In February 2009, James L. Jones, then-chairman of the Atlantic Council, stepped down in order to serve as President Obama's new National Security Advisor and was succeeded by Senator Chuck Hagel. In addition, Council members Susan Rice left to serve as the administration's ambassador to the UN, Richard Holbrooke became the Special Representative to Afghanistan and Pakistan, General Eric K. Shinseki became the Secretary of Veterans Affairs, and Anne-Marie Slaughter became Director of Policy Planning at the State Department. Senator Chuck Hagel stepped down in 2013 to serve as US Secretary of Defense. Gen. Brent Scowcroft now serves as interim chairman of the organization's Board of Directors while a search for his successor is under way. In January 2014, it was announced that the post would assumed by former Governor of Utah Jon Huntsman, Jr..
    The Atlantic Council has earned praise from across the international community, with NATO Secretary General Anders Fogh Rasmussen calling the Council a "pre-eminent think tank" with a "longstanding reputation",[5] and former U.S. Senator Richard Lugar (R-IN) noting that the Council is "held in high esteem within the Atlantic community".

    Last edited: Jan 22, 2014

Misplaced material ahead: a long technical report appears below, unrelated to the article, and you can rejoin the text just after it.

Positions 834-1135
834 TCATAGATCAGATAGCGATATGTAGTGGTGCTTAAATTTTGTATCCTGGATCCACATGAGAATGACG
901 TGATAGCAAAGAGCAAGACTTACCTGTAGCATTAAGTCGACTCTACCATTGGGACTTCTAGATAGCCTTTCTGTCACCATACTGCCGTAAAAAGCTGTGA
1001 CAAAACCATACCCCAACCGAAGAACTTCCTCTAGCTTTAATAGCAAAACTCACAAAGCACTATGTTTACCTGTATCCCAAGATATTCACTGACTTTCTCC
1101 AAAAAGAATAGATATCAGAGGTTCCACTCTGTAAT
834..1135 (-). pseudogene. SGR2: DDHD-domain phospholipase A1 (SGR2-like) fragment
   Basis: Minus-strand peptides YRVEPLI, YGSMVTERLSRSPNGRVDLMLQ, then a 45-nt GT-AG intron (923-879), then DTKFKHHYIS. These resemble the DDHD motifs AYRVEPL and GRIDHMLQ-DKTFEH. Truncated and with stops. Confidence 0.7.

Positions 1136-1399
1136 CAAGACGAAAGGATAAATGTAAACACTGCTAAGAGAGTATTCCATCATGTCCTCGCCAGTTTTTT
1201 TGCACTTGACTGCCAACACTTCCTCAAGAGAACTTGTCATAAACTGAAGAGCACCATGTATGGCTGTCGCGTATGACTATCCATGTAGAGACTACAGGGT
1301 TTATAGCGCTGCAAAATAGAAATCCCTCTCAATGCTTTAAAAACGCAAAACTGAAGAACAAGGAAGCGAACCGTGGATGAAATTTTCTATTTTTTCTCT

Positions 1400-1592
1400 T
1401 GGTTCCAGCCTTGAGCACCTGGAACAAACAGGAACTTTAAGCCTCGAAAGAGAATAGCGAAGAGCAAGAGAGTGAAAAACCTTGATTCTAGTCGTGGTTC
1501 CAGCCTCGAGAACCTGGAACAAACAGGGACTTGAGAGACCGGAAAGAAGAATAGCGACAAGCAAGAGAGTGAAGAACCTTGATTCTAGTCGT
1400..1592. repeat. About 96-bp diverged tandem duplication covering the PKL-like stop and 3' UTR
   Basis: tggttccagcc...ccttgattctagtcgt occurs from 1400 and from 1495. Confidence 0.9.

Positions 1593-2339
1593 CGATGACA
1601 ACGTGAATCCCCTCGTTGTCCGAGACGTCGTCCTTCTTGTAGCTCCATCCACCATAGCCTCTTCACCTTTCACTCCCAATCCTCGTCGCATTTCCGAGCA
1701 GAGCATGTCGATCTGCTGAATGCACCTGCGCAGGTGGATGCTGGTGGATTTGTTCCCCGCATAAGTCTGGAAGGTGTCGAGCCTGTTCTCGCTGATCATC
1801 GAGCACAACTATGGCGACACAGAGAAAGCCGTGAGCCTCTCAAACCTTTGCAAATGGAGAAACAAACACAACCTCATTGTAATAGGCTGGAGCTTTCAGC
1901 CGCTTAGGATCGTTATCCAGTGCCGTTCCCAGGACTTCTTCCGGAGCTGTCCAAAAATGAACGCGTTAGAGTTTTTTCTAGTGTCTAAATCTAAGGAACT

10. Captain Kremmen All aboard, me Hearties! Valued Senior Member

    Are you saying that you think that Ullman's article is conspiracy quackery?
  11. Captain Kremmen All aboard, me Hearties! Valued Senior Member

    This is a speech made in 2012 by James L Jones, who was Obama's National security adviser from January 20, 2009 – October 8, 2010

    He also mentions a "New World Order". It does seem to be a term that is in common use by the military.
    I hear many at home and abroad define the emerging new world order with fear and trepidation. They see in it the imminence and inevitability of “American decline.”

    He seems to mean by it, the change in world power structures, whether for good or ill.
    Conspiracists interpret references to the NWO as a desire for world domination.
  12. paddoboy Valued Senior Member